Tropical Storm Nicholas threatens to hit Texas as a hurricane

A satellite image showing Tropical Storm Nicholas swirling in the Gulf of Mexico.
Tropical Storm Nicholas swirls in the Gulf of Mexico on Sunday.

Tropical Storm Nicholas gathered strength Monday and threatened to blow ashore in Texas as a hurricane that could bring up to 20 inches of rain to parts of the Gulf Coast, including the same area hit by Hurricane Harvey in 2017 and storm-battered Louisiana.

Although the system was expected to generate only a fraction as much rain as Harvey, nearly all of the Texas coastline was under a tropical storm warning that included potential flash floods and urban flooding. Gov. Greg Abbott said authorities had placed rescue teams and resources in the Houston area and along the coast.

Forecasters at the National Hurricane Center in Miami said the system’s top sustained winds were 70 mph, nearly hurricane strength and an increase of 10 mph from earlier in the day. If the winds hit 74 mph, the storm becomes a Category 1 hurricane. It was moving north-northeast at 12 mph and was predicted to make landfall late Monday night along the central Texas coast.


An automated station in Matagorda Bay registered a sustained wind of 55 mph with a gust of 71 mph, the hurricane center reported.

In flood-prone Houston, officials worried that heavy rain late Monday and early Tuesday could inundate streets and flood homes. Authorities deployed high-water rescue vehicles throughout the city and erected barricades at more than 40 locations that tend to flood, Mayor Sylvester Turner said.

“This city is very resilient. We know what we need to do. We know about preparing,” said Turner, referencing four major flood events that have hit the Houston area in recent years, including devastating damage from Harvey, which flooded more than 150,000 homes.

New Orleans is showing signs of making a comeback nearly two weeks after Hurricane Ida blasted coastal Louisiana.

Sept. 10, 2021

Turner and Harris County Judge Lina Hidalgo asked residents to stay off the roads Monday evening to avoid risking their lives or the lives of first responders who might be called to rescue them from flooded areas.

“What I need each resident to do is get where you need to be by 6 p.m. and stay there,” said Hidalgo, the top elected official in Harris County, which includes Houston.

The Houston school district, the state’s largest, announced that classes would be canceled Tuesday because of the storm. The weather threat also closed COVID-19 testing and vaccination sites in the Houston and Corpus Christi areas and forced the cancellation of a Harry Styles concert scheduled for Monday evening in Houston.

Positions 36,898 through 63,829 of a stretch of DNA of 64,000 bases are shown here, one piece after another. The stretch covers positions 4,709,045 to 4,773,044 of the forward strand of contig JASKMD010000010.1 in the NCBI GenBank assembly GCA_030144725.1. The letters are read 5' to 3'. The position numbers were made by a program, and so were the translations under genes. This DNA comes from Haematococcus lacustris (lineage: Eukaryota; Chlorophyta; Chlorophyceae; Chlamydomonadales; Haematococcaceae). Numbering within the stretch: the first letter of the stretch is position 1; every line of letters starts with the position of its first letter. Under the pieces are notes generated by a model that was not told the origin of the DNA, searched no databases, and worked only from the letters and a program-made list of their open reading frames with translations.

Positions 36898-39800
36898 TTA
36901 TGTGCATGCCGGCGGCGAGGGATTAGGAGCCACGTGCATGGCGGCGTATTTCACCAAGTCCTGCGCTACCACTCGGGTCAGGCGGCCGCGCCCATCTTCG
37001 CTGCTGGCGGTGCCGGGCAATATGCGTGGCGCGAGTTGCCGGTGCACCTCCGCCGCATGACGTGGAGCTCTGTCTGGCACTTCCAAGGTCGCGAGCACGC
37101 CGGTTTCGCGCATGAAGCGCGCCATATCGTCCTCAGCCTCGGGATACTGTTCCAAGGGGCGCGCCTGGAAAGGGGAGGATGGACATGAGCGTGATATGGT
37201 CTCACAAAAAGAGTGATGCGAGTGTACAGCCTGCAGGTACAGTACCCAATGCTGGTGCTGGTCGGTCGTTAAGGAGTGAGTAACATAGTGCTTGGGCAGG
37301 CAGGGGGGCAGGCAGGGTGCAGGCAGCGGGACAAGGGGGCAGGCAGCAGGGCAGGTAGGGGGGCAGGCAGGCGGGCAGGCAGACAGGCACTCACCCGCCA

A strengthening Hurricane Ida, bearing high winds and the likelihood of flooding rain as it heads for the Louisiana coast, could damage the energy-heavy Gulf Coast economy and potentially have economic consequences well beyond the region.

Aug. 29, 2021

At dusk Monday, Nicholas was centered roughly 35 miles south-southwest of Matagorda, Texas, and a hurricane watch was issued from Port Aransas to San Luis Pass.

Six to 12 inches of rain were expected along the middle and upper Texas coast, with isolated maximum amounts of 18 inches possible. Other parts of southeast Texas and south-central Louisiana and southern Mississippi could see four to eight inches in the coming days.

“Listen to local weather alerts and heed local advisories about the right and safe thing to do, and you’ll make it through this storm, just like you’ve had many other storms,” Abbott said during a news conference in Houston.

Nicholas was headed toward the same area of Texas that was hit hard by Harvey, which stalled for four days after reaching land, dropping more than 60 inches of rain in the southeastern part of the state. Harvey was blamed for at least 68 deaths, including 36 in the Houston area.

After Harvey, voters approved the issuance of $2.5 billion in bonds to fund flood-control projects, including the widening of bayous. The 181 projects designed to mitigate damage from future storms are at various stages of completion.

University of Miami hurricane researcher Brian McNoldy said he expects Nicholas to be “magnitudes less than Harvey in every regard.”

The main worry with Nicholas is its speed. Storms are moving slower than they used to, said hurricane researcher Jim Kossin of the Climate Service, and Nicholas could get stuck between two other weather systems.

Louisiana Gov. John Bel Edwards declared a state of emergency Sunday night, ahead of the storm’s arrival. The state is still recovering from Hurricane Ida and last year’s Hurricane Laura and historic flooding. The system was expected to bring the heaviest rainfall west of where Ida slammed into Louisiana two weeks ago.

Across Louisiana, almost 120,000 customers remained without power Monday morning, according to the utility tracking site


As a ferocious hurricane bears down on South Florida, water managers desperately lower canals in anticipation of 4 feet of rain.

July 7, 2018

In Cameron Parish in coastal Louisiana, Scott Trahan is still finishing repairs after Laura put about two feet of water into his home last year. He hopes to be finished by Christmas. He said many in his area have moved instead of rebuilding.

“If you get your butt whipped about four times, you are not going to get back up again. You are going to go somewhere else,” Trahan said.

Colorado State University hurricane researcher Phil Klotzbach said via Twitter that Nicholas is the 14th named storm of the 2021 Atlantic hurricane season. Only four other years since 1966 have had 14 or more named storms by Sept. 12: 2005, 2011, 2012 and 2020.

Associated Press writers Jill Bleed in Little Rock, Arkansas, and Seth Borenstein in Washington contributed to this report.